The California State Teachers’ Retirement System, Japan’s Government Pension Investment Fund (GPIF) and UK’s USS Investment Management have all said they are not able to ignore “potentially catastrophic systemic risks” which arise from the focus on short-term returns.
Climate change could potentially destroy $69trn (€61trn) in global economic wealth through 2100, the trio of pension funds said in a letter published online, citing Moody’s Analytics.
The pension funds wrote that they prefer “to build and maintain relationships with asset managers” that demonstrate long-term value creation in line with their interests.
This includes integrating environmental, social and governance (ESG) factors throughout their entire investment process, voting according to their pledged mandate, and being transparent about their level of corporate engagement.
The funds pledged to work with their partners “to hold them accountable and ensure they deliver on the commitments they have made”.
Meanwhile, asset managers that are focused on the short term, ignore longer-term sustainability-related risks and opportunities, “are not attractive partners for us”, the letter stated.
In particular, the funds urged their partners and companies “to rethink their strategy and enhance their disclosures, using frameworks such as the Task Force on Climate-related Disclosures, regarding their interactions with stakeholders, society and the environment”.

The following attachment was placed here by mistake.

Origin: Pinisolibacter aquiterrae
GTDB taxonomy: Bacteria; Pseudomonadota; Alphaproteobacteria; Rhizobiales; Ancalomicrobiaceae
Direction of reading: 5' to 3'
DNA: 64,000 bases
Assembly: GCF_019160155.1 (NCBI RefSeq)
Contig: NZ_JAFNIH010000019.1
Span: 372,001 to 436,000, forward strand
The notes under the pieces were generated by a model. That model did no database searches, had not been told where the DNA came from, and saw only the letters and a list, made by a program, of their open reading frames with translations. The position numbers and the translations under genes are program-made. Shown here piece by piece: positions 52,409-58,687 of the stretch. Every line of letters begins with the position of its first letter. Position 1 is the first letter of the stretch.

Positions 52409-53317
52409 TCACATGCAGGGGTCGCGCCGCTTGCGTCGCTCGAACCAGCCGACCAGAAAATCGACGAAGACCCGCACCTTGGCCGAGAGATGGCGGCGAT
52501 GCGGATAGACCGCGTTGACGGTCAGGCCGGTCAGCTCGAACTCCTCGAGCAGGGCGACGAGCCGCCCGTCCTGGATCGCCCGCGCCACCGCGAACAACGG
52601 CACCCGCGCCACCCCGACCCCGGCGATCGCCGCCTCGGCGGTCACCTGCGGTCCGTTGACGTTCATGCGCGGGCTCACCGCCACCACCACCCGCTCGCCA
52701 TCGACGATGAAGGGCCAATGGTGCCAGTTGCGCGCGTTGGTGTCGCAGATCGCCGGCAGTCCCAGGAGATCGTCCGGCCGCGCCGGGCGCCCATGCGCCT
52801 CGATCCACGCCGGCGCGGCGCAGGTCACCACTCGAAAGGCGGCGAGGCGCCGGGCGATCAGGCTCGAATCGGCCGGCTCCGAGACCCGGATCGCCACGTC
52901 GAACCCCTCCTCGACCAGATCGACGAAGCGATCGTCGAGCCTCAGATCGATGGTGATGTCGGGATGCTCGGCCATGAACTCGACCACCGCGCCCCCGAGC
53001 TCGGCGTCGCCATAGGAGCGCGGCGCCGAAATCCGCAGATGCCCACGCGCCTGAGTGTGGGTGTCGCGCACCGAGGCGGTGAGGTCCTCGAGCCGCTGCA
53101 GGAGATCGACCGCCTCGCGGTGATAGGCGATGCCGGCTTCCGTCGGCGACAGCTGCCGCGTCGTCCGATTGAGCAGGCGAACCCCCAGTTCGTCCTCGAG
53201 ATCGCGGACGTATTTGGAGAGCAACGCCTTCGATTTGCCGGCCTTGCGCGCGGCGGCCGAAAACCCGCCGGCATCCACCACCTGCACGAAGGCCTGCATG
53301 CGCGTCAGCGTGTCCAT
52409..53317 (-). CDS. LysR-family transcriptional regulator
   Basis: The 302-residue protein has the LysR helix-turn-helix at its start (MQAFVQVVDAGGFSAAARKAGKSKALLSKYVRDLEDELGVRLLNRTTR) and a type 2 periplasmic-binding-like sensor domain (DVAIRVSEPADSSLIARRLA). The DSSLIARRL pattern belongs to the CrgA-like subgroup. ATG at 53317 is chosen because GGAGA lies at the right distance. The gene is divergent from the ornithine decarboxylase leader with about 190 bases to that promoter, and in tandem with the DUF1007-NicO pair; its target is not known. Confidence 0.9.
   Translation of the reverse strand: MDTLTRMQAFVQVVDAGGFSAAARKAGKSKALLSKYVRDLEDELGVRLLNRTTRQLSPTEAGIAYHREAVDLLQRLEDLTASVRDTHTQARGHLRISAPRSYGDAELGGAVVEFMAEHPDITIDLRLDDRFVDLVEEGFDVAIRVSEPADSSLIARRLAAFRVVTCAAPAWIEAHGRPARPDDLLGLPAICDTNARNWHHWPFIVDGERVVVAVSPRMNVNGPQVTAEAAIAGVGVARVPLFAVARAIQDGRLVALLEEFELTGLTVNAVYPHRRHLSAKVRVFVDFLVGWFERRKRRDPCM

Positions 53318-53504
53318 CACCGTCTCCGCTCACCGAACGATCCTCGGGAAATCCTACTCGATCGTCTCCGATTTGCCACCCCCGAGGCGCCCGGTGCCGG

Purpose of the corporation
The wider stakeholder approach is also gaining traction at companies in the US.
In August 2019, the Business Roundtable, an association of chief executives of leading US companies, redefined the purpose of corporations, saying it is to benefit all stakeholders – customers, employees, suppliers, communities and shareholders.
Alex Gorsky, chairman of the board and chief executive of Johnson & Johnson and chair of the Business Roundtable corporate governance committee, said: “[The statement] affirms the essential role corporations can play in improving our society when chief executives are truly committed to meeting the needs of all stakeholders.”
“By taking a broader, more complete view of corporate purpose, boards can focus on creating long-term value, better serving everyone – investors, employees, communities, suppliers and customers,” said Bill McNabb, former chief executive of Vanguard.
Commenting on the letter from the pension funds, Fiona Reynolds, chief executive of the Principles for Responsible Investment, told Expert Investor: “Asset owners must step up the pressure by ensuring that the investment managers to whom they give mandates are committed to long-term, sustainable investment strategies.
“Managers that don’t make this commitment will increasingly find that they are not the partners of choice for pension funds.”
As an example, Reynolds pointed to the Net-Zero Asset Owner Alliance, an international group of institutional investors representing over $4.5trn in assets under management and convened by the United Nations.
The alliance has committed to transition their portfolios to net-zero greenhouse gas emissions by 2050.
“The more that asset owners demand this same level of accountability from their managers, the more the financial sector as a whole will benefit,” she added.